Apple CEO Tim Cook has issued an official apology for the company's half-baked Maps app.
Cook wrote that the mobile mapping product "fell short" of the quality he said the company is committed to delivering.
"We are extremely sorry for the frustration this has caused our customers and we are doing everything we can to make Maps better," he conceded in a letter to users, posted by Apple on Friday morning.
Apple announced in June that it would drop the popular Google-built maps feature from iOS and would release a homegrown Maps app with iOS 6. Since the glitchy new app launched, users have been vocal about its tendency to mislabel or erase cities, move famous landmarks and warp scenes in 3D Flyover mode, to name a few complaints. Many are also disappointed that Maps doesn't provide transit directions, which was a go-to feature for many fans of the Google-made maps in iOS.
Cook in his letter promised users that Apple is working to better Maps and suggested a handful of third-party apps that users could turn to in the meantime. Wrote Cook, "While we’re improving Maps, you can try alternatives by downloading map apps from the App Store like Bing, MapQuest and Waze, or use Google or Nokia maps by going to their websites and creating an icon on your home screen to their web app."
This is a far cry from the paltry statement Apple distributed last week, shortly after Maps became available and the outcry began to rise over bugs in the app. "We launched this new map service knowing it is a major initiative and that we are just getting started with it," an Apple spokeswoman said at the time, per Mashable. "[T]he more people use it, the better it will get."
Here's Tim Cook's apology letter in full, courtesy of Apple:
To our customers,
At Apple, we strive to make world-class products that deliver the best experience possible to our customers. With the launch of our new Maps last week, we fell short on this commitment. We are extremely sorry for the frustration this has caused our customers and we are doing everything we can to make Maps better.
We launched Maps initially with the first version of iOS. As time progressed, we wanted to provide our customers with even better Maps including features such as turn-by-turn directions, voice integration, Flyover and vector-based maps. In order to do this, we had to create a new version of Maps from the ground up.
There are already more than 100 million iOS devices using the new Apple Maps, with more and more joining us every day. In just over a week, iOS users with the new Maps have already searched for nearly half a billion locations. The more our customers use our Maps the better it will get and we greatly appreciate all of the feedback we have received from you.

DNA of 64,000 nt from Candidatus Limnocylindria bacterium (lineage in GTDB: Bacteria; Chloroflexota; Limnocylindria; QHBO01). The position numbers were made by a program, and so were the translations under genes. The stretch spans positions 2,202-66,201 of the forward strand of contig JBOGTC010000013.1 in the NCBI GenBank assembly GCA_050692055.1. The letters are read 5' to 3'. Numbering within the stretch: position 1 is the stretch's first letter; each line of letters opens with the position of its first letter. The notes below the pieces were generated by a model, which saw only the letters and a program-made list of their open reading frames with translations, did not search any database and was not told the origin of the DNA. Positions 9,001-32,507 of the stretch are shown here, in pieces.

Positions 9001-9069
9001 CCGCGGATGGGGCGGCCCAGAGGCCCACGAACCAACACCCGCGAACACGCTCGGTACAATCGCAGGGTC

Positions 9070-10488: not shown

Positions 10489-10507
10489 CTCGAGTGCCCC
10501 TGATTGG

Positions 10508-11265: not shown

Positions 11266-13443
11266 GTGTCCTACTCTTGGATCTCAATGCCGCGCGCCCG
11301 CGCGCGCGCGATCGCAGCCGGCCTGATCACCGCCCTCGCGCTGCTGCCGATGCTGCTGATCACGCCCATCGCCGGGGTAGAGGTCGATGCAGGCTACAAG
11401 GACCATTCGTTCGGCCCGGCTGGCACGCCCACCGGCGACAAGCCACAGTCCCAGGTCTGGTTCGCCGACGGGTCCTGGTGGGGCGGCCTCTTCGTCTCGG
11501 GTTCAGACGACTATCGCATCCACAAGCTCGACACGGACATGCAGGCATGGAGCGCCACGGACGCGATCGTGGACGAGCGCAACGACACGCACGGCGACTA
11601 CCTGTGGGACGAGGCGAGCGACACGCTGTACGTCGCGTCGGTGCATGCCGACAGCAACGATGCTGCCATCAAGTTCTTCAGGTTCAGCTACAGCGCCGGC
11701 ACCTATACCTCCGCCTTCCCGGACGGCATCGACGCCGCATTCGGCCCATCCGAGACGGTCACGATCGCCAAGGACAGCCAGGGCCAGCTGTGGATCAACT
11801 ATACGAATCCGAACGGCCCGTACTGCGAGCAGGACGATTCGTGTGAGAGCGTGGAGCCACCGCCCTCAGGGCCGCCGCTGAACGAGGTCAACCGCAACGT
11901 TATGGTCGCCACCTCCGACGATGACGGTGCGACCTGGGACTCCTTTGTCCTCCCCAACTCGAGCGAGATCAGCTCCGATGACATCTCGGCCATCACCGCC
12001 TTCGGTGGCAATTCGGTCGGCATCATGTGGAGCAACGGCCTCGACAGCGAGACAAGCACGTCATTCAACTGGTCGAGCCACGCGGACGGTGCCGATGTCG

While we’re improving Maps, you can try alternatives by downloading map apps from the App Store like Bing, MapQuest and Waze, or use Google or Nokia maps by going to their websites and creating an icon on your home screen to their web app.
Everything we do at Apple is aimed at making our products the best in the world. We know that you expect that from us, and we will keep working non-stop until Maps lives up to the same incredibly high standard.
Sources told The Verge this week that Apple apparently announced its own Maps app while it still had another year left on its mapping contract with Google. At least part of the disagreement between the two companies was over a voice-guided navigation feature that Google had included in its Android app but had left out of Apple's iOS app.
BuzzFeed reported recently that Apple is beefing up its Maps staff to keep pace with Google, which already has a seven-year head start on its mapping products and currently employs about 7,000 people for various maps projects.
Google is said to be working on a new maps app for iOS 6. The company could submit the app to Apple for approval into the iTunes App Store by the end of this year, according to anonymous sources who spoke to the New York Times.
What do you think of Apple Maps? Has it made you late or gotten you lost? Do you have horror stories to share? Or rave reviews? Let us know: email us at email@example.com or tweet @HuffPostTech.
[hat tip TechCrunch]